Meniere’s disease is a disorder of balance (dizziness) and hearing (ringing or hearing loss). The underlying cause is not understood (idiopathic), the symptoms often fluctuate, there is crossover with other symptoms (vertigo, migraine), and there are many other conditions that cause “Meniere’s-like” symptoms. This makes the condition ripe for any treatment to look good if we think it works, due to the subjective nature of the symptoms, symptomatology that is open to misinterpretation, and the lack of any objective pathological test. Therefore, for such conditions, reporting good results from a series of patients is not enough; a more scientific (unbiased) assessment is necessary. Fortunately, somebody did just that. Unfortunately, despite the results of that study, surgery (now in many different forms) is still being used for this condition.
Most operations aim to equalise or lower the pressure in the inner ear or middle ear, despite good evidence that ‘pressure’ is the problem in the first place. The landmark Danish study of 30 patients from the 80’s reported no difference in outcome in a surgical group versus a sham surgery group, but interestingly about 70% of both groups improved significantly in both groups. And everything got better, even the nausea and vomiting.
The authors got the idea of using a placebo because they had previously used lithium to treat the disorder, based on some biological mechanism that they made up, and noticed sustained improvement in 70% of patients. Later placebo studies showed that lithium and placebo both gave sustained improvement in 70% of patients. In fact, the authors noted that all treatments then available for Meniere’s disease (medical and surgical) had good results in 60-80% of patients. (Note that 60-80% is a very common rate of improvement in many studies of treatments that are later shown to be no better than placebo, and many treatments that have not been rigorously tested).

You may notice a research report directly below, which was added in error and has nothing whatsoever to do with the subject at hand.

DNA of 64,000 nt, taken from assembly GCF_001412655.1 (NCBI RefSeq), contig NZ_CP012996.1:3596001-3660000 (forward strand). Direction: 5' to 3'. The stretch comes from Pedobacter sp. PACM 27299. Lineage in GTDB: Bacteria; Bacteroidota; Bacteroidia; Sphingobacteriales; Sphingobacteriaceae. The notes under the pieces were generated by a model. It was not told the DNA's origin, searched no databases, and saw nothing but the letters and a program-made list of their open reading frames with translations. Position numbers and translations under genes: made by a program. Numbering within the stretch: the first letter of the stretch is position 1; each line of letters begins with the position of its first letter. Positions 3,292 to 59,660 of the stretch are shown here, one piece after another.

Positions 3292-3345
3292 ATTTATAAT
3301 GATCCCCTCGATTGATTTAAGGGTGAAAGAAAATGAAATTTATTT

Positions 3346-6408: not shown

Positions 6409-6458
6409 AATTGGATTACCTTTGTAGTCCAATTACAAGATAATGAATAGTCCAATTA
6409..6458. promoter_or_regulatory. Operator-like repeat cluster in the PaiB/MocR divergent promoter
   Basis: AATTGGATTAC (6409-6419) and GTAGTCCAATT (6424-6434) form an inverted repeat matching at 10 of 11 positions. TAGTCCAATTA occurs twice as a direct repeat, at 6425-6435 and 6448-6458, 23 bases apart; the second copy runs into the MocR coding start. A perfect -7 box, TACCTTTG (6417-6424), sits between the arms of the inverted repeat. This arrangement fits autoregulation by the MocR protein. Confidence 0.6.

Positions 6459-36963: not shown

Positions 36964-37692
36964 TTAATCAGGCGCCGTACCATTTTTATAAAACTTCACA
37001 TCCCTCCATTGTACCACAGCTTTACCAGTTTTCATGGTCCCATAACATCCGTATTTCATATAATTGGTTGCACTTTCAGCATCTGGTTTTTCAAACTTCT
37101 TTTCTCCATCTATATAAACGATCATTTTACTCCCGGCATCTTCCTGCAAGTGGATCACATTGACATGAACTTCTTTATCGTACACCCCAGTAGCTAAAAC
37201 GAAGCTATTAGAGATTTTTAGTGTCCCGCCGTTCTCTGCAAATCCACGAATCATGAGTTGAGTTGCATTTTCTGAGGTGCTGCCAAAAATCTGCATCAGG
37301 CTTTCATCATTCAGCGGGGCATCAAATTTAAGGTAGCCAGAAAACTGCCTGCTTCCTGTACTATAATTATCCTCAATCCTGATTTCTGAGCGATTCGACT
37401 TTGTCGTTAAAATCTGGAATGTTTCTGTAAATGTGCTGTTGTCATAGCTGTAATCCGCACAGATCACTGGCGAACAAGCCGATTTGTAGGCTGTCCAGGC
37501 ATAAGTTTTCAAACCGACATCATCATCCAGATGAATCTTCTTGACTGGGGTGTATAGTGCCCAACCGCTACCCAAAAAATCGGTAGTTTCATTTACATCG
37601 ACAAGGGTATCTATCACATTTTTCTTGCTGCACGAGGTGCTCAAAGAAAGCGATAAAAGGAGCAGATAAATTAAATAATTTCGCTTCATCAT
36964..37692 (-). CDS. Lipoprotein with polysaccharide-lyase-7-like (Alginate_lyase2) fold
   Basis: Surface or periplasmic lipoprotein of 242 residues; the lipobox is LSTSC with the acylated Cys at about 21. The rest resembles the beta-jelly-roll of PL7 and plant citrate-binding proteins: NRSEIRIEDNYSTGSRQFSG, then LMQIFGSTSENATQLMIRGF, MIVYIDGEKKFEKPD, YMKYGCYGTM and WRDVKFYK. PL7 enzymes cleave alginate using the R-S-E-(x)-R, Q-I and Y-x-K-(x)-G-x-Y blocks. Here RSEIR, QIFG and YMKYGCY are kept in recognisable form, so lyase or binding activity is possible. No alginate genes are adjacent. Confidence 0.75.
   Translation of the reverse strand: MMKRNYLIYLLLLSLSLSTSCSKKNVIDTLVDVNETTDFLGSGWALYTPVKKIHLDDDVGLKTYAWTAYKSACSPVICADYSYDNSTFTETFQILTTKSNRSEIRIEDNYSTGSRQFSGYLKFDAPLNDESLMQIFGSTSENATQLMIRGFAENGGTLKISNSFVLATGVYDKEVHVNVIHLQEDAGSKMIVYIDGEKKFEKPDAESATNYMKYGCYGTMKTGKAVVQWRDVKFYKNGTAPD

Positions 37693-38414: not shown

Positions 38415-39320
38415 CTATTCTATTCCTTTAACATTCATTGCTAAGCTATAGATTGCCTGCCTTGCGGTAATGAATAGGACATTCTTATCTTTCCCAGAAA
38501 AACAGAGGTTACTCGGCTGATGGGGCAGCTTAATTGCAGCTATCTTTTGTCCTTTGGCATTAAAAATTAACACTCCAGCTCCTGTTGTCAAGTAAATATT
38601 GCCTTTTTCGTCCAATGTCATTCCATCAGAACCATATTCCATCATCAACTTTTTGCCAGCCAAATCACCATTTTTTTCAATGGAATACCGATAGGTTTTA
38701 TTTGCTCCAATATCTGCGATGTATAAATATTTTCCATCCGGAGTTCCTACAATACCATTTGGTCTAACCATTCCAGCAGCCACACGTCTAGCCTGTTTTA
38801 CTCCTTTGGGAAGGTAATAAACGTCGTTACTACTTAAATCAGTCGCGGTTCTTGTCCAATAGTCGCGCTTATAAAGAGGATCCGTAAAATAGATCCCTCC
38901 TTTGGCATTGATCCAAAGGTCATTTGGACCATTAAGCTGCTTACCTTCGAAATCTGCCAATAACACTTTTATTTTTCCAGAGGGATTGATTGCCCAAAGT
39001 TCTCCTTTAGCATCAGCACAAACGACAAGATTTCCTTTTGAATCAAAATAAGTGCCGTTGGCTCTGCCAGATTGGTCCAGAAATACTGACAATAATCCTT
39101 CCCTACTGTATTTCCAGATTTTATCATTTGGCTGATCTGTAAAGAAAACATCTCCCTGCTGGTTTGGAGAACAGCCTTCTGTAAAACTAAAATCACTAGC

The results 3 years and 9 years later were unchanged: there was still good improvement in both groups, with similar rates of improvement between the active and placebo groups. The high rate of improvement (70%) is likely to explain the fact that surgery (in one form or another) is still commonly performed for Meniere’s disease. None of these new operations have been tested in a similar way, and despite the results of this previous sham trial, surgery will continue to be offered, as long as patients seek it, surgeons are allowed to do it, insurance companies pay for it, and of course, as long as we still have the placebo effect.
The other study from 1988 (also from Denmark) compared the same (active) operation to an alternative operation (not a placebo). Largely, there was no difference, except a few people in the alternative group lost their hearing. They would have been better off with a placebo.
Note: the Cochrane review merely summarises the two trials.
Ethical note: the Danish study recruited patients without telling them that one of the groups was a placebo. The ethics of this would need another article to discuss, but this would explain the high improvement rates in both groups, as other studies have shown less improvement than expected when patients think they might be getting a placebo (and even less when they think they got the placebo, regardless of whether or not they did).